STYLISTIC DIVERSITY IN LATE TWENTIETH-CENTURY AMERICAN HYMN TUNES
Bryson, Michael S.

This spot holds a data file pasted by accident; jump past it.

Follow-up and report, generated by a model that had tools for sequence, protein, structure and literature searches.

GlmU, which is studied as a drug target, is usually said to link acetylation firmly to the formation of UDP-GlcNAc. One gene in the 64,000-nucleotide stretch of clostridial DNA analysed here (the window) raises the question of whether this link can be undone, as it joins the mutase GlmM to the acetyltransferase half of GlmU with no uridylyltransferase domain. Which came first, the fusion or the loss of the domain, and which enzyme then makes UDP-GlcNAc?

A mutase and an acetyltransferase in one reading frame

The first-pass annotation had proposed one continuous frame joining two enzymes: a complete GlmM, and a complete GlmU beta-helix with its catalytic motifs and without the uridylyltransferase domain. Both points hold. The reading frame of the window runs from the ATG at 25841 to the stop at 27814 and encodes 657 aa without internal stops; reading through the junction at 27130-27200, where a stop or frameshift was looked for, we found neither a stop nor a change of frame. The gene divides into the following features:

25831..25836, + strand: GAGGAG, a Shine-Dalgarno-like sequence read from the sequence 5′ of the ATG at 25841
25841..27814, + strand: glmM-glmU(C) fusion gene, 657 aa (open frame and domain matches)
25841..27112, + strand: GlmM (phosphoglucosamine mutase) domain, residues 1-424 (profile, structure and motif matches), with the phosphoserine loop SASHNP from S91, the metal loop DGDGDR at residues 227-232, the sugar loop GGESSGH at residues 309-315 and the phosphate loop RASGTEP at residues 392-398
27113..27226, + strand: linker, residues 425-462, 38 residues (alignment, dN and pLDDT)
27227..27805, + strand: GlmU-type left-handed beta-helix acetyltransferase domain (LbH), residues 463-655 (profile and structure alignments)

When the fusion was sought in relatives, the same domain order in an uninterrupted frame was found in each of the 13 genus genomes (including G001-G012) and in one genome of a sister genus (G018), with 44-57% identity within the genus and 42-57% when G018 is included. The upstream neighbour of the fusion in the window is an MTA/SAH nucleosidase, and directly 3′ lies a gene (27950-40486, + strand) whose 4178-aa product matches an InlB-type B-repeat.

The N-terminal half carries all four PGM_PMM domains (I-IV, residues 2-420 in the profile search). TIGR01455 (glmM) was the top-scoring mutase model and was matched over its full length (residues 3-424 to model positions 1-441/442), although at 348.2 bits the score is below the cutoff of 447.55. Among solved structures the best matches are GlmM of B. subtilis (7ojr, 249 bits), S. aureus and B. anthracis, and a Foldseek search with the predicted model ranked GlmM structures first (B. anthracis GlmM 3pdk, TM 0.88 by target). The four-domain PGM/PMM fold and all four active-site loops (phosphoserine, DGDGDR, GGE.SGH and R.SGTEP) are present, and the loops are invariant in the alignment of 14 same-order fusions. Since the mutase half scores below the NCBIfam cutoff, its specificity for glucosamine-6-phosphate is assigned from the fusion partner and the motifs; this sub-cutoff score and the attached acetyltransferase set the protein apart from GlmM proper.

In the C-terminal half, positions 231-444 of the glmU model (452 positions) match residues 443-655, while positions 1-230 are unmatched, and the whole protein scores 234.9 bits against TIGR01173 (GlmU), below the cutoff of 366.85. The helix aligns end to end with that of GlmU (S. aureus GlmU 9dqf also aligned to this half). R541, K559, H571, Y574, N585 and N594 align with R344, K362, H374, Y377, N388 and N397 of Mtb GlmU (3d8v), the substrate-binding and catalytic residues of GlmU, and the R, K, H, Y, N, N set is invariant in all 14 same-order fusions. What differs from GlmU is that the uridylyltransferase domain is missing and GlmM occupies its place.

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In the closing decades of the twentieth century, America experienced a surge of hymn writing and composition sometimes referred to as a “hymn explosion.” Responding to the radical revolutions in society and religion, hymn writers initiated changes in language, subject matter, and even poetic form to create a new body of congregational song for the modern twentieth-century church. Hymn composers, seeking contemporary musical means to express the hymn texts, applied recent composition techniques to congregational song. This essay summarizes the musical style of late twentieth-century American hymns based on the analysis of over eighty-five tunes composed after 1970. The results reveal an increased flexibility in modal usage; the inclusion of rhythmic devices such as mixed meter and syncopation; experimentation with strophic form; an expanded role of accompaniments; and, most noticeably, a widened harmonic palette replete with color chords, modern modulations, and untraditional voice-leading.